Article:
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I'm a little confused as to how C treats int* differently from char*. For example, in section, we see things like:

int x = 5;
int* ptr_x = &x;

So, here, ptr_x points to the address in memory of an integer. However, I already set up the variable in memory.

When dealing with strings, it seems like we do:

char* s = "Hello";

Instead of something more analogous like:

char s = "Hello";
char* s ptr_s = &s;

Now, I know that char's can't contain more than one character (and so the previous block of code doesn't work). But, what's going on under the hood? Is s just the address of the H, and C then puts the other letters in blocks of memory next to it? Is the pointer a pointer to all 5 letters (perhaps like an array of pointers)?

I thought it might be just the first letter, but then the following happens:

char* s = "Hello";
printf("%s\n", s);
'Hello'

So, the printf function knew to look for all the letters. Is it that char* functions know to look for the \0 char as well, and that is what's happening?

Perhaps a related question -- if pointers are pointers to address in memory, then ptr_x as above makes sense to me. Here, char* s looks like it contains letters, not an address.

5

what's going on under the hood?

when having

char *s = "hello";

basically an array of chars is created for you and is initialized with the contents of the string literal (in this case, "hello"). The address of the location, where this array is stored, is then stored into s.

Technically, this is different because this is a syntactic sugar that C provides to make the process of creating strings easier since they're used frequently.

Otherwise, you would create a string maybe in one of these ways:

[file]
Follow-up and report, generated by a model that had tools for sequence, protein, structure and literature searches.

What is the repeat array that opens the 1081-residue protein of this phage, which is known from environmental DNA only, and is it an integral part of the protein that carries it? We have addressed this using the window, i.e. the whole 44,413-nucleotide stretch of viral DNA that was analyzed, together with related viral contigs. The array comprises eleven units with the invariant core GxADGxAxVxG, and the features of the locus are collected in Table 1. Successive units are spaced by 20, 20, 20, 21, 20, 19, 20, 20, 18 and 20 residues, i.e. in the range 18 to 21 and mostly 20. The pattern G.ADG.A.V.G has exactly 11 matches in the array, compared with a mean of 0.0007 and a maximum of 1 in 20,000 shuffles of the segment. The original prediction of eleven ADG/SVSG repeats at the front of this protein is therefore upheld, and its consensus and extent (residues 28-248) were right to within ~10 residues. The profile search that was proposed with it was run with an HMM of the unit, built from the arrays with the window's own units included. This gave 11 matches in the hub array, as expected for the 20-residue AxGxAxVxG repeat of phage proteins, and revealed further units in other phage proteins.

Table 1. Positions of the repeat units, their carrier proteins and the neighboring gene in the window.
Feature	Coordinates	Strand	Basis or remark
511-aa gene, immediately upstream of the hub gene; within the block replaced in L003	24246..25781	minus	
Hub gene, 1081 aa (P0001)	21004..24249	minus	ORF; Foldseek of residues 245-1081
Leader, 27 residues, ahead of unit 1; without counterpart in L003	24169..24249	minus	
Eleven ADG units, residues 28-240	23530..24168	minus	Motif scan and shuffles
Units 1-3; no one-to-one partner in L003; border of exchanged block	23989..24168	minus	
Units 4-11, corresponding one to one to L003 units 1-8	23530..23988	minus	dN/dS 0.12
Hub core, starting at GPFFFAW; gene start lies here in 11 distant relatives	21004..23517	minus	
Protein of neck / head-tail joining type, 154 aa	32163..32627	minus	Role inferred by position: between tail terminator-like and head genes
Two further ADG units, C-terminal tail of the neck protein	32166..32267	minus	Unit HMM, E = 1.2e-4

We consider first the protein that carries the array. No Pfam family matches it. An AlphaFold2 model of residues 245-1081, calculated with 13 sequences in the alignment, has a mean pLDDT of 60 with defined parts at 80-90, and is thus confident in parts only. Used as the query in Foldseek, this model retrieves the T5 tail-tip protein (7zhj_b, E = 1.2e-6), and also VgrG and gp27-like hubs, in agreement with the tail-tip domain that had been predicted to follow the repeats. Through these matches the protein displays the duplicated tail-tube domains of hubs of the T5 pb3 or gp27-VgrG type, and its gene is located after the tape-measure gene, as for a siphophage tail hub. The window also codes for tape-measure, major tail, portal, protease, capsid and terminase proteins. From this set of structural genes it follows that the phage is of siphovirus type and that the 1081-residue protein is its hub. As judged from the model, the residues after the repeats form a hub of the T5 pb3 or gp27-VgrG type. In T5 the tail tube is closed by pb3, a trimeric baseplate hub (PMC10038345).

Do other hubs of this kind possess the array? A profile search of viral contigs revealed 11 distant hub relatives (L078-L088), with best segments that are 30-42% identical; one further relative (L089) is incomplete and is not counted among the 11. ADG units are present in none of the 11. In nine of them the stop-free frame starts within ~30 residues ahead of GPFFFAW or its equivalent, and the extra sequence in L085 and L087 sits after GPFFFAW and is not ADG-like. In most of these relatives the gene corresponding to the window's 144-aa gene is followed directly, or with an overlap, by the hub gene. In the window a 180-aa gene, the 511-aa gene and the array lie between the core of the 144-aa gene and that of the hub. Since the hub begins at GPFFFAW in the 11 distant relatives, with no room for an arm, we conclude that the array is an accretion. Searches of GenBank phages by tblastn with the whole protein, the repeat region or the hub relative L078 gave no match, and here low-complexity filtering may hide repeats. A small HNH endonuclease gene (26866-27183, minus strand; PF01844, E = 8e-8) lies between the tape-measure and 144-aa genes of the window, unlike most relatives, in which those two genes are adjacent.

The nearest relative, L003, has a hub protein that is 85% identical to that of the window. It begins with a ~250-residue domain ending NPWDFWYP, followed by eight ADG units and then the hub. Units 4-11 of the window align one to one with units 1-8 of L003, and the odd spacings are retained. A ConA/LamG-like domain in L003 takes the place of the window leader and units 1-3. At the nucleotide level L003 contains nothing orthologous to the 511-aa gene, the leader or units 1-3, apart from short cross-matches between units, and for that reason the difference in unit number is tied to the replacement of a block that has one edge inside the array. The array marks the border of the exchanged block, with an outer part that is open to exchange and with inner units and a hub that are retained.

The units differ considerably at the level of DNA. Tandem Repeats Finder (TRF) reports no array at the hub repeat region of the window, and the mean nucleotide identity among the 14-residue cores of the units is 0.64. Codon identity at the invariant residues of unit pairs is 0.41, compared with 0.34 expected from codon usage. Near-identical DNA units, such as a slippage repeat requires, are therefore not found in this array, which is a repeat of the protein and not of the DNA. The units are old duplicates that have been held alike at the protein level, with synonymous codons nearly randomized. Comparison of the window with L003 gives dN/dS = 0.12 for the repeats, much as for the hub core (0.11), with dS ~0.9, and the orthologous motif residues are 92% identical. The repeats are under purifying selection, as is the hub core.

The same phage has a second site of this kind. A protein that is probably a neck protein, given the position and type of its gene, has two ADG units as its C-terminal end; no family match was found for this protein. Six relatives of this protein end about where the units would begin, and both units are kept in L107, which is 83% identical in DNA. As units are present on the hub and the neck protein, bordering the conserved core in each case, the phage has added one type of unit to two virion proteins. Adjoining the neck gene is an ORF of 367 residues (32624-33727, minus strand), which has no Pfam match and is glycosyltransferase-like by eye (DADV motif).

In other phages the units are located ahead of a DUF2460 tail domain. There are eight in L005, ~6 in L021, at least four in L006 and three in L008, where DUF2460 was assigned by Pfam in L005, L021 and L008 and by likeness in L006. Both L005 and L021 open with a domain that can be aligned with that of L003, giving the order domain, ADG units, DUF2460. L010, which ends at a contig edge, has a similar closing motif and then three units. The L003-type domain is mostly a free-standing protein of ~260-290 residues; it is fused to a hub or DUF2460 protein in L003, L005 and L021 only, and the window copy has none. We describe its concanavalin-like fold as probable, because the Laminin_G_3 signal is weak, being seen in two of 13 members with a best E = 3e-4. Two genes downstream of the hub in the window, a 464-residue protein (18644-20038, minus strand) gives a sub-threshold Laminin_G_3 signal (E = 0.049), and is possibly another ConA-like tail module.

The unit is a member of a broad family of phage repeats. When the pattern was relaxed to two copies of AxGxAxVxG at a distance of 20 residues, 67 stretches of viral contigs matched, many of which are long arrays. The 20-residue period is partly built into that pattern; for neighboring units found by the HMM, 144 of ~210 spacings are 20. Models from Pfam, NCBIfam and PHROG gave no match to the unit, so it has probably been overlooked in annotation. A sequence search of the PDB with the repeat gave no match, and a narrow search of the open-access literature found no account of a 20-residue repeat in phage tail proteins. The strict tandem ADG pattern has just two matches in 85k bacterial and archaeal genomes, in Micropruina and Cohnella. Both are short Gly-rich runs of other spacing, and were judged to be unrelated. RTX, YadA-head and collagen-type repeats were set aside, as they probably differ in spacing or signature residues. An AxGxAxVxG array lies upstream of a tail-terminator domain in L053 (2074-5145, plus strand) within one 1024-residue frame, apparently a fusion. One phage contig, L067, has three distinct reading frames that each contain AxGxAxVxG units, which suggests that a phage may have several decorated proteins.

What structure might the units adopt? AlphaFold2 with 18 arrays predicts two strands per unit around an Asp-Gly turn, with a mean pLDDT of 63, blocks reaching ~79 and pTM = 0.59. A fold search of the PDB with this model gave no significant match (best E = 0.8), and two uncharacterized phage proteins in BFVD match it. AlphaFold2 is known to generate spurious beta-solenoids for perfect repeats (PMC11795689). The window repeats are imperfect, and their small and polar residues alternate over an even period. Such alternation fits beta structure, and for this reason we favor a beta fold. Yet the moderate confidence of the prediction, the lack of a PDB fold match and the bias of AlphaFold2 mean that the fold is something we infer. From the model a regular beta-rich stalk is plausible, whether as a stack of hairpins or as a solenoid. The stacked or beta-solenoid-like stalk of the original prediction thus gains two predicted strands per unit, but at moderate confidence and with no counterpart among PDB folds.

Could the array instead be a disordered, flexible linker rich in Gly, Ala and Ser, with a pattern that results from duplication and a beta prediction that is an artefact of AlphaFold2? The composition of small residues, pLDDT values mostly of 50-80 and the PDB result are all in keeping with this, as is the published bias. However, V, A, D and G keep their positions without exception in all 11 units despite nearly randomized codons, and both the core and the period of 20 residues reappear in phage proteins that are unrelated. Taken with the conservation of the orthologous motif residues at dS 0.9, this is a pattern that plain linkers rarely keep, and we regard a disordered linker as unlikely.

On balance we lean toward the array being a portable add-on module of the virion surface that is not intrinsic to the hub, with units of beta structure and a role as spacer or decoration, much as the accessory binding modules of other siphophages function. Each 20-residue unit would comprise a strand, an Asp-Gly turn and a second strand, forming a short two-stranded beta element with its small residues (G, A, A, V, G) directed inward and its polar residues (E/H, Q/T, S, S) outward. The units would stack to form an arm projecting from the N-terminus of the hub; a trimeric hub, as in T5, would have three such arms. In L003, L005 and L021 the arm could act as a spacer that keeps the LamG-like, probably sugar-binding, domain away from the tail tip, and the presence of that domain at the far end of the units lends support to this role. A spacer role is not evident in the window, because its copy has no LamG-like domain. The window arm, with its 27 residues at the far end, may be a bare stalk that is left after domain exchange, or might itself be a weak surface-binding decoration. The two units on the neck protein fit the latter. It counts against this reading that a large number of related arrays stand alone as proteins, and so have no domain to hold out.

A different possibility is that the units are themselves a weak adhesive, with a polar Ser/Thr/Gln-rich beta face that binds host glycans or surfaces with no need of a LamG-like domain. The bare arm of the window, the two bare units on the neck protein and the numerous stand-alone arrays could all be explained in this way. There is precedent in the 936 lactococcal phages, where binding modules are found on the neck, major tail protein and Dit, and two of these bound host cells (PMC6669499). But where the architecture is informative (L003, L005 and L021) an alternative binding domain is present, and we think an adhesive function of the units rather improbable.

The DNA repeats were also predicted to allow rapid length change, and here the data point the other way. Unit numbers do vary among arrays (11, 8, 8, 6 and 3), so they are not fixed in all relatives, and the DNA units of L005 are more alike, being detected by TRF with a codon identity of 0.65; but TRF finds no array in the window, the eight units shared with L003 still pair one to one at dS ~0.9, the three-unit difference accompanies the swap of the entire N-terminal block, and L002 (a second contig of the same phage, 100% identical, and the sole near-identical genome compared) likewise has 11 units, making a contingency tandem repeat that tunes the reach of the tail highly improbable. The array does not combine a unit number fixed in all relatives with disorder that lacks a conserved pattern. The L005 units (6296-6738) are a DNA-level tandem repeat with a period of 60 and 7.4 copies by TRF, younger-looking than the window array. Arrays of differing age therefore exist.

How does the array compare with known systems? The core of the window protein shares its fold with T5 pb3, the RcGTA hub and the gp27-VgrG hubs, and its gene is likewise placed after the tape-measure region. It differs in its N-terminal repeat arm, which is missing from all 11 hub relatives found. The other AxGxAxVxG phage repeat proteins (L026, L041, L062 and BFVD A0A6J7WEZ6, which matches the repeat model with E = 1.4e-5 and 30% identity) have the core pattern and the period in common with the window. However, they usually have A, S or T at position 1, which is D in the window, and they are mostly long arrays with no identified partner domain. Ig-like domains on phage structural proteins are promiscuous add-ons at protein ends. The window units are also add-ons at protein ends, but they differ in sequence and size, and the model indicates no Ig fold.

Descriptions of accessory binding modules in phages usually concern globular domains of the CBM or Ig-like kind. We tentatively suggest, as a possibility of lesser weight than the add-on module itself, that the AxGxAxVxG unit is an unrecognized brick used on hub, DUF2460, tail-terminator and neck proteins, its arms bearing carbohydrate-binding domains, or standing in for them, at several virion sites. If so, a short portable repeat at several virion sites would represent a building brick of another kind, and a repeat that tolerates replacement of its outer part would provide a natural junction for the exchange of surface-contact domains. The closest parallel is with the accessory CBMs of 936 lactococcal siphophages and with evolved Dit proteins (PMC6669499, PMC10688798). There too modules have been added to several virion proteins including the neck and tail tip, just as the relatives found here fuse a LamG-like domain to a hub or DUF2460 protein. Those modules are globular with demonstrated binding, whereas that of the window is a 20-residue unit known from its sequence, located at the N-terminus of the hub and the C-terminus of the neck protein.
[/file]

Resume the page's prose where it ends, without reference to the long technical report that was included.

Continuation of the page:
char *s = malloc(sizeof("hello"));
strcpy(s, "hello");


char s[] = {'h', 'e', 'l', 'l', 'o', '\0'};


char s[sizeof("hello")];
s[0] = 'h';
s[1] = 'e';
s[2] = 'l';
s[3] = 'l';
s[4] = 'o';
s[5] = '\0';

so, thankfully, C has this syntactic sugar that makes our lives easier.

Is s just the address of the 'H', and C then puts the other letters in blocks of memory next to it?

yes.

Is the pointer a pointer to all 5 letters (perhaps like an array of pointers)?

typically, each byte in memory has an address. essentially, an array takes up a block of memory (a byte or more). the address of a memory block is the address of the first byte in that block.

what's happening? given the address of the first character of a string (which people kinda imprecisely refer to as the string itself -- in the previous example, it would be s) and the "%s" format specifier, printf keeps printing the contents of the memory location whose address is current until it hits a '\0'.

for example:

address:    100  101  102  103  104  105
content:    'h', 'e', 'l', 'l', 'o', '\0'

given the address 100 and the "%s" format specifier, printf prints the contents of location 100 which is the 'h' in this case, then prints the contents of location 101 which is the 'e', ..., then it gets to location 105 and it finds that the content is a '\0' so it stops.

Here, char* s looks like it contains letters, not an address.

as explained above, it doesn't actually. thanks to the syntactic sugar, some actual work is done for you underneath the hood that ends up storing the string somewhere in memory and storing the address of that memory block into s.

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0

Great question, I'm also learning, but I'll do my best to answer.

In the case of char* s = "Hello"; the "Hello" is known as a string literal. This means it gets stored in special spot in memory that is read only. The specifics of exactly where it points depends system by system. But it not the same as storing an item in a variable. Note the difference between char 'x' and string "x".

Being in read-only memory, it means that that you cannot modify the string literal, but you can use it like normal string array for just reading. printf("%s", s) would work fine for example. It would read from the first character of the string literal and continue until it reaches an a null character \0.

Compare this all to char s[] = "Hello"; Which puts the string literal in read-only memory, then loads it into the array of chars.

http://www.cprogramming.com/tutorial/c/lesson9.html

https://stackoverflow.com/questions/1704407/what-is-the-difference-between-char-s-and-char-s-in-c

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